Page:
Have the athlete stand with their feet 4-6 inches away from the wall and cue them to keep their back completely flat against the wall. With the amount of lumber extension we see across the population this may be very challenging for some athletes. If the athletes cannot keep their lower back flat on the wall, instruct them to bend their knees and active their core.

Forearm Wall Slides

As the athlete slides their hands up the wall they are getting more elevation and upward rotation of the scapula; but as they pull their hands off of the wall, they’re going to retract the scapula and get some slight posterior tilt as well.

Make sure that athlete engages their core and doesn’t fall into lumbar extension as they bring their hands off of the wall as this should be an exclusively scapulothoracic movement.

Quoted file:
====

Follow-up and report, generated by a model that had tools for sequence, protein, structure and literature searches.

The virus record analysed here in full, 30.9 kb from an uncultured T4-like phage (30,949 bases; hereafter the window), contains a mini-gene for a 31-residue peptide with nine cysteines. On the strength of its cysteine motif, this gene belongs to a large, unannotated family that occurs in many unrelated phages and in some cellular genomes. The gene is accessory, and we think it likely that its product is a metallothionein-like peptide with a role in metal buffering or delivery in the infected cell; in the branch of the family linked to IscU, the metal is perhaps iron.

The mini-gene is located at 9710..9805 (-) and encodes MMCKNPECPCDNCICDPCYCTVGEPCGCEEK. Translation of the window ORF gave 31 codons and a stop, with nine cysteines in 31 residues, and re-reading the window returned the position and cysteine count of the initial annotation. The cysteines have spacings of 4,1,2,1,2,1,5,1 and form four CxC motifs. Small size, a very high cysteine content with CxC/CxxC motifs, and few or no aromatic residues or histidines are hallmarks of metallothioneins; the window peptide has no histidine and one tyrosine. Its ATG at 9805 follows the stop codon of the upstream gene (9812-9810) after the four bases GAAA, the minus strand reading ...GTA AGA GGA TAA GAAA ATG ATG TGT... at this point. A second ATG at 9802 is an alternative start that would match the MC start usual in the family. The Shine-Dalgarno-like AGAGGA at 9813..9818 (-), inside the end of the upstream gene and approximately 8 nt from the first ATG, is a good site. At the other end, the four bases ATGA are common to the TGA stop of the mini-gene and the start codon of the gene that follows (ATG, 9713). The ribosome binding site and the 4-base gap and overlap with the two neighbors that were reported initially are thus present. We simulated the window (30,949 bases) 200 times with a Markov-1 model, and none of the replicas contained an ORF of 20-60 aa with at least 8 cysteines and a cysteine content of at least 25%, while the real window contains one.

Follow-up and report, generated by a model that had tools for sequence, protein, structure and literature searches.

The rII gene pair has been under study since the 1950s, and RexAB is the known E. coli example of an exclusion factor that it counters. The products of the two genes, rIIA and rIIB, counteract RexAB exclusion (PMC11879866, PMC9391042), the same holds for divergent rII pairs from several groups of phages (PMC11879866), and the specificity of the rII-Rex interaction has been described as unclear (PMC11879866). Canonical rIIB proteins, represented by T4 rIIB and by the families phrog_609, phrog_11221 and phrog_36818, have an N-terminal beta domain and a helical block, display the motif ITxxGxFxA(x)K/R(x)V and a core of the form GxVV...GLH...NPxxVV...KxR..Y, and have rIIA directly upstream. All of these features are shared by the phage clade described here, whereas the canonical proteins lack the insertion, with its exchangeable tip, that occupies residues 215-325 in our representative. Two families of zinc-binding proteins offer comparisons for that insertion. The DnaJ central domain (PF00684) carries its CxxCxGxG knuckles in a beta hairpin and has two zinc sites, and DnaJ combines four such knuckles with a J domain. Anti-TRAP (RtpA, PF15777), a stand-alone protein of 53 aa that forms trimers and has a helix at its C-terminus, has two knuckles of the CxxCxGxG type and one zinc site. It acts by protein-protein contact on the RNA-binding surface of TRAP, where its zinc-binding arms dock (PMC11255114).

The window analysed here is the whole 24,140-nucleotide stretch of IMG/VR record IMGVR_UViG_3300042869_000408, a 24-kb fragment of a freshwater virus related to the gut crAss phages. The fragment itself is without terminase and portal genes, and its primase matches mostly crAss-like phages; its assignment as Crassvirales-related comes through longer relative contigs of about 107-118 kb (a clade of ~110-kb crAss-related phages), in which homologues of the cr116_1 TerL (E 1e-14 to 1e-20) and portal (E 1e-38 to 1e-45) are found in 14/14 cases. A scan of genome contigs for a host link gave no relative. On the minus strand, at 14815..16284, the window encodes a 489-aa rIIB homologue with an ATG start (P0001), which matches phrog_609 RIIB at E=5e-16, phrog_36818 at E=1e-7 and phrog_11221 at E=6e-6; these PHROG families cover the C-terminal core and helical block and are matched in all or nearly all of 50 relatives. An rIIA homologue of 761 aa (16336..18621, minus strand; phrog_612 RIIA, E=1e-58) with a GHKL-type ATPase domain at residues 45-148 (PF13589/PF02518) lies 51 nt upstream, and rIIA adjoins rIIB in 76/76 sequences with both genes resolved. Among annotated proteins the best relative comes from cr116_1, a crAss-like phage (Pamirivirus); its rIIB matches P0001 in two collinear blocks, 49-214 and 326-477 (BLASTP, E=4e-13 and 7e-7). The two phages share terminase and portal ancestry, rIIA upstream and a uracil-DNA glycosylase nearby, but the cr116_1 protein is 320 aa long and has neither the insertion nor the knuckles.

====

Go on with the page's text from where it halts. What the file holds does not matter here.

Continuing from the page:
Prone 1-Arm Trap Raise

The last exercise in my scapulothoracic joint mobilization series is very similar to the classic Blackburn’s exercises.

I prefer to have athletes do these exercises unilaterally and on a table because when done bilaterally and on the floor we often see more spine movement than actual ST movement. This is another good exercise for developing posterior tilt of the scapula by allowing the lower trap to get involved.

The beautiful thing about all of these exercises is that they require very little to no equipment at all. This means that athletes can do these exercises in the gym, on the field, or at home.

Give these scapular exercises for baseball pitchers a try and keep that arm healthy this season!

 

Want EBP’s FREE Arm Care Program?

EBP Reinold Throwers Arm Care ProgramOur mission at EBP is to provide the best and most trustworthy information.  That’s why we now are offering Mike Reinold’s recommended arm care protocol for absolutely FREE.  A proper arm care program should be one of the foundations of injury prevention and performance enhancement programs.  The EBP Arm Care program is the perfect program to set the foundation for success that EVERY baseball player should perform.